Saturday, September 17, 2011

everything in its right place

"Evan Connell said once that he knew he was finished with a short story when he found himself going through it and taking out commas and then going through the story again and putting commas back in the same places. I like that way of working on something. I respect that kind of care for what is being done. That's all we have, finally, the words, and they had better be the right ones, with the punctuation in the right places so that they can best say what they are meant to say."

—Raymond Carver, "On Writing," 1981 (from Call If You Need Me: The Uncollected Fiction and Other Prose, 2001)

On the other hand ...

... In the end, "What We Talk About [When We Talk About Love]" [Carver's 1981 short-story collection] was published much as [Carver's editor, Gordon] Lish wanted.

The book received front-page reviews. Critics praised its minimalist style and announced a new school of fiction. Even so, Carver continued to press for stylistic control over his work. He insisted that if Lish wanted to edit his next collection, he would have to keep his hands off. "I can't undergo [that] kind of surgical amputation and transplantation," he wrote Lish in August 1982. "Please help me with this book as a good editor, the best ... not as my ghost," he pleaded two months later.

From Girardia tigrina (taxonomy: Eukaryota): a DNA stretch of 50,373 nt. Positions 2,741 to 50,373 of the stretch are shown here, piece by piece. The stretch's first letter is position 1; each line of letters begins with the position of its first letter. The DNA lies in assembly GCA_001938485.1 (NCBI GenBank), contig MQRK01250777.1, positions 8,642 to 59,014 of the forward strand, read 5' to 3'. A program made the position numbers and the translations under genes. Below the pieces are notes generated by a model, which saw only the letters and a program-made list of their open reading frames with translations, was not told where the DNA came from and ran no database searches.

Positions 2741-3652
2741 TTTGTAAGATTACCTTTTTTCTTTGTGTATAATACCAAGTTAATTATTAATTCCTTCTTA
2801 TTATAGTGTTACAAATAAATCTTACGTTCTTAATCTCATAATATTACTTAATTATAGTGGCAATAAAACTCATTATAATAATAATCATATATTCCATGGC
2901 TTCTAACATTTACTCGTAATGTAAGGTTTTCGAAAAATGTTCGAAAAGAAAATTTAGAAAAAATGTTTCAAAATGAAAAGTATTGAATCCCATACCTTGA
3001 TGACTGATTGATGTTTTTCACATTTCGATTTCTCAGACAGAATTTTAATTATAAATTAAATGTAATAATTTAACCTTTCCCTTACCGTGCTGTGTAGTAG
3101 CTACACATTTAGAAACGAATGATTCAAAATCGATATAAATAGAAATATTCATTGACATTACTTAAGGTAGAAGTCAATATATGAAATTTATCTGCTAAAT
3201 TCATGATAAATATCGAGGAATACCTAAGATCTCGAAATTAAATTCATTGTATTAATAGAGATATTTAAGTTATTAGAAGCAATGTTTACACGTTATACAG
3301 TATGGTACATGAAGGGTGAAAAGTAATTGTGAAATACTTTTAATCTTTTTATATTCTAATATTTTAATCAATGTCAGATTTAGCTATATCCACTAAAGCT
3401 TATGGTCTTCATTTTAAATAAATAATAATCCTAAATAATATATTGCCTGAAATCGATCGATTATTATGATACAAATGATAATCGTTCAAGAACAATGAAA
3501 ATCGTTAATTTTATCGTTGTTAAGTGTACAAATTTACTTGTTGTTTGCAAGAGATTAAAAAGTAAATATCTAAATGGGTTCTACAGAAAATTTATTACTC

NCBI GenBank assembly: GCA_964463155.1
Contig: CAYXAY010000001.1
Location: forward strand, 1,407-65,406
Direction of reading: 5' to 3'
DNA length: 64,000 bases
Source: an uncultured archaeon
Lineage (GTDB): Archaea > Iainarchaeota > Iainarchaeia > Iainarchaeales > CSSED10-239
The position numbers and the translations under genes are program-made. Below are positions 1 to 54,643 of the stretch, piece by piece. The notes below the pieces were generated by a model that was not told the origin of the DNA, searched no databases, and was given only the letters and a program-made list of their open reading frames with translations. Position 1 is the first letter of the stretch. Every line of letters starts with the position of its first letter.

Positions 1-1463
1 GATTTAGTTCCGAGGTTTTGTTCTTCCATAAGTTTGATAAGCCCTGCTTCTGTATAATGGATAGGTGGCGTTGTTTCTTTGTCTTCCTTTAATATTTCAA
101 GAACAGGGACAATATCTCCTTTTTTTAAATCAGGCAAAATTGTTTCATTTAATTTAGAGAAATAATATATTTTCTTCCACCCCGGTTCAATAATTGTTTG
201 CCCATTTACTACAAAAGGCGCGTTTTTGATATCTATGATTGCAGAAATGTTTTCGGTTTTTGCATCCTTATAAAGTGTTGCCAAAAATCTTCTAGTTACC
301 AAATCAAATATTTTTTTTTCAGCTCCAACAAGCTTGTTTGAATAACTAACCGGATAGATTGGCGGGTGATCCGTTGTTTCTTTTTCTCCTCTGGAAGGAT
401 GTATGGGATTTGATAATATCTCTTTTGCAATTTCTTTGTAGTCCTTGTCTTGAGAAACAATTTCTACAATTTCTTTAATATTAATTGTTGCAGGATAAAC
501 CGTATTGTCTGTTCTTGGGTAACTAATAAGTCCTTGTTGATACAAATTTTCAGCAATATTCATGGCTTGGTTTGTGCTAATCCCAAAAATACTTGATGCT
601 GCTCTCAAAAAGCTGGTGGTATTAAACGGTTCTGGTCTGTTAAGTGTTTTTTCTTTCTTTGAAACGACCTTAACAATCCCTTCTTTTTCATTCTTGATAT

Gordon Lish (photographer: Bill Hayward)
Lish reluctantly complied. "So be it," he wrote in December 1982 after giving the manuscript to "Cathedral" only a light edit — although he wrote some acerbic criticisms in the margins. Even then, Carver feared a sneak attack. "I don't need to tell you that it's critical for me that there not be any messing around with titles or text," he warned Lish. Publicly, Carver also began to make a break. He made a point of telling interviewers that he controlled every aspect of his stories, invoking the adage that he knew a story was finished when he went through it once and put the commas in, then went through again and took the commas out.

Lish was angered by Carver's rebellion. He began asking his friends whether he should make his "surrogate work" public. They advised him to keep quiet. Don DeLillo, for example, warned him against taking Carver on. "I appreciate, and am in sympathy with, everything you say in your letter," he wrote to Lish. "But the fact is: there is no exposing Carver.... Even if people knew, from Carver himself, that you are largely responsible for his best work, they would immediately forget it. It is too much to absorb. Too complicated. Makes reading the guy's work an ambiguous thing at best. People wouldn't think less of Carver for having had to lean so heavily on an editor; they'd resent Lish for complicating the reading of the stories.

"In the meantime," he ended, "take good care of your archives."

—from "The Carver Chronicles" by D.T. Max, The New York Times Magazine, August 9, 1998

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